By Jon Fischer
Far off in a vacant field beside an irrigation
canal alights a stately gray heron
or a plastic bag. The plastic bag flaps
and in the tricky light thick clouds leave behind
trembles in and out of translucence,
just like a heron. The heron flew here from another
land in search of a plot to fill and warmly
fulfill and mute the Sisyphean rhythm of restless
creatures’ lives, across countless miles
that would never do, just like a plastic bag.
Close up it’s clear the field holds both
a stately heron and a plastic bag, each
studying the other like figure and reflection.
Now the difference is obvious. The heron’s eyes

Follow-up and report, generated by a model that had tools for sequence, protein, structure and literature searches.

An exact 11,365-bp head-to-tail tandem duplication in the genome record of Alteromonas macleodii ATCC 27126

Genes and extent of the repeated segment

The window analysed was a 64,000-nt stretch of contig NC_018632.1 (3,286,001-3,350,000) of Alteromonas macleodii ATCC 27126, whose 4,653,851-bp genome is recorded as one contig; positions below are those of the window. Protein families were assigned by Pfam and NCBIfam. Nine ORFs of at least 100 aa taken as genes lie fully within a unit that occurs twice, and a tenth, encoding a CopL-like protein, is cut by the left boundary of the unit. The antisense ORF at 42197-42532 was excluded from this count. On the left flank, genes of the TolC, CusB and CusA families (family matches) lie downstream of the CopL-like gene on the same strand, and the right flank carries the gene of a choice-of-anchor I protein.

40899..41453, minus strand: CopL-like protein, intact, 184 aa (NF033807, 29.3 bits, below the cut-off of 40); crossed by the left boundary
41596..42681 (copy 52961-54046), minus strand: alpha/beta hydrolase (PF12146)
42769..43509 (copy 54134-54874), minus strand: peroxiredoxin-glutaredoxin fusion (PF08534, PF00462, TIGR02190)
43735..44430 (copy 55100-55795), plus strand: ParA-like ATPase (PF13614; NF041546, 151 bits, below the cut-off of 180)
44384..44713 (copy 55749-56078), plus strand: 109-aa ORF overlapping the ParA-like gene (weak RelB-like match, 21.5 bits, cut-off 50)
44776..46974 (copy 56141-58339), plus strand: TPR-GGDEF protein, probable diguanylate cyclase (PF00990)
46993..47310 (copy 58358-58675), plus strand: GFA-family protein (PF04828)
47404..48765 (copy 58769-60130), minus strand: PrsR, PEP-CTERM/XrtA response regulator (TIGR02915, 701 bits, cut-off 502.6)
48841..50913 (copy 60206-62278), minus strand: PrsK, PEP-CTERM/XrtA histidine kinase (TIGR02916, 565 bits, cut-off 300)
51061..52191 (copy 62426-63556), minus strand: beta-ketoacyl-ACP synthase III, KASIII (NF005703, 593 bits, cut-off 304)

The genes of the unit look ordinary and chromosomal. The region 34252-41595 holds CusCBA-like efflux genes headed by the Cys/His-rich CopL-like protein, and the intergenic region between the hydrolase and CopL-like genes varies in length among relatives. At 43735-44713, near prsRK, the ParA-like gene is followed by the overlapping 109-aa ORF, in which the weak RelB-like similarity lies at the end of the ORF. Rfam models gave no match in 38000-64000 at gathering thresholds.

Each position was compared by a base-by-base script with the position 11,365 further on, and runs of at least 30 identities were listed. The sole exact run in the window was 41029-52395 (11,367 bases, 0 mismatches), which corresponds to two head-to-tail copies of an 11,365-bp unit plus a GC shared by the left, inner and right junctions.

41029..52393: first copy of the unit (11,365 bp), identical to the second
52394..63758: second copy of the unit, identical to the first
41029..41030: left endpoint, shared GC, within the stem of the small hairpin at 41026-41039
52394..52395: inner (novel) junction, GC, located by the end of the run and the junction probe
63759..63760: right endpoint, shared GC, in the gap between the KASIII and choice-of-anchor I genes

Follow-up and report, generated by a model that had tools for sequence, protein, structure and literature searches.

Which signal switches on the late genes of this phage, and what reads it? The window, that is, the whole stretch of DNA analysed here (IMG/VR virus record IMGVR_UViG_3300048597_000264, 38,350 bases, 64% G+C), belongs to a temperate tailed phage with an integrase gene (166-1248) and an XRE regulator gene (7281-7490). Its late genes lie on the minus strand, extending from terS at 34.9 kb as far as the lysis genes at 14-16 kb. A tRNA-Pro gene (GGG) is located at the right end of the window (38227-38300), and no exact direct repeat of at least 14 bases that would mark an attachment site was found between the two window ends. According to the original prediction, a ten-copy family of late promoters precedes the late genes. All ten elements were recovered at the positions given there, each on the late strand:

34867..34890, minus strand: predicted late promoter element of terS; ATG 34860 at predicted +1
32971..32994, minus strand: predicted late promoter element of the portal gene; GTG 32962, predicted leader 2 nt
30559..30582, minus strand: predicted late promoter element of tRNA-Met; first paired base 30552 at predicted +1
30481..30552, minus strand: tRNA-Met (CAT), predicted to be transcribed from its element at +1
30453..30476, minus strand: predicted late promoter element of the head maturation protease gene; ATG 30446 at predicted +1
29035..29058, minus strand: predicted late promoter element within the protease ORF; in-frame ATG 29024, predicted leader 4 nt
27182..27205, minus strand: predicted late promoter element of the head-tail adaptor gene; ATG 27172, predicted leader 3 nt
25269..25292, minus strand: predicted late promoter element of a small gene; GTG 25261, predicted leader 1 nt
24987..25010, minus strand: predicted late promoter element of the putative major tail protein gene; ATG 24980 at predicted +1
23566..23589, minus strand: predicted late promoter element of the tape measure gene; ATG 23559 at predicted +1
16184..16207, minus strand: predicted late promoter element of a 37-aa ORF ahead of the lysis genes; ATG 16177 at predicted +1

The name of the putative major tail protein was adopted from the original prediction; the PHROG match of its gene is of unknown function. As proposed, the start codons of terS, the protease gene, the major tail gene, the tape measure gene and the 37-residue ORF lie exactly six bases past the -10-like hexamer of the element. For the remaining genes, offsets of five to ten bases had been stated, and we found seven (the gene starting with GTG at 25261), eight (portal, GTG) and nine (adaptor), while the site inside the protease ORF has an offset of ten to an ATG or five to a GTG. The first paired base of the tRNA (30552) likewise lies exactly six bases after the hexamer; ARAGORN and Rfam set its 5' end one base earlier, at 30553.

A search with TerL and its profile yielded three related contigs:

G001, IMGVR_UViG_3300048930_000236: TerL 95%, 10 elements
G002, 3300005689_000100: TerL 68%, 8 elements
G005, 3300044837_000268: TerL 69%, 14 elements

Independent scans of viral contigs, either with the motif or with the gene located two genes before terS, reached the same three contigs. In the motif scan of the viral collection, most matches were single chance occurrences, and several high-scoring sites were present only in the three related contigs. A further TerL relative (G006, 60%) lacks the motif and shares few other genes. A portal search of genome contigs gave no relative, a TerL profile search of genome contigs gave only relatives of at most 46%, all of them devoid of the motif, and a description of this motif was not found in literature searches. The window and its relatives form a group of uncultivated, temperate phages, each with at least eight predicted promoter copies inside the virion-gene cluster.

recognize the predicament he’s in, the infernal
froglessness of all this wiregrass, the length
of the horizon, the lean of a eucalyptus. Behind
his eyes is the continent where he first
leapt into a crystalline gust, and at beak’s end wriggles
a continent uncharted, fleshly, ready to be snapped up
like a young shad. But this time of year his wings
know everything there is to know about south
and nothing else. Whereas the bag simply is
the predicament it’s in and billows
with all the joy that has ever flown through
a thousand years of wind.
Jon Fischer has lived and worked in Japan, India, Luxembourg, Saudi Arabia, Tunisia, and Egypt since getting his MFA from Eastern Washington University. A native of Washington State, Fischer has had his work appear in The Seattle Review, Quarterly West, Willow Springs, Cimarron Review, and several other journals.
Originally appeared in NOR 29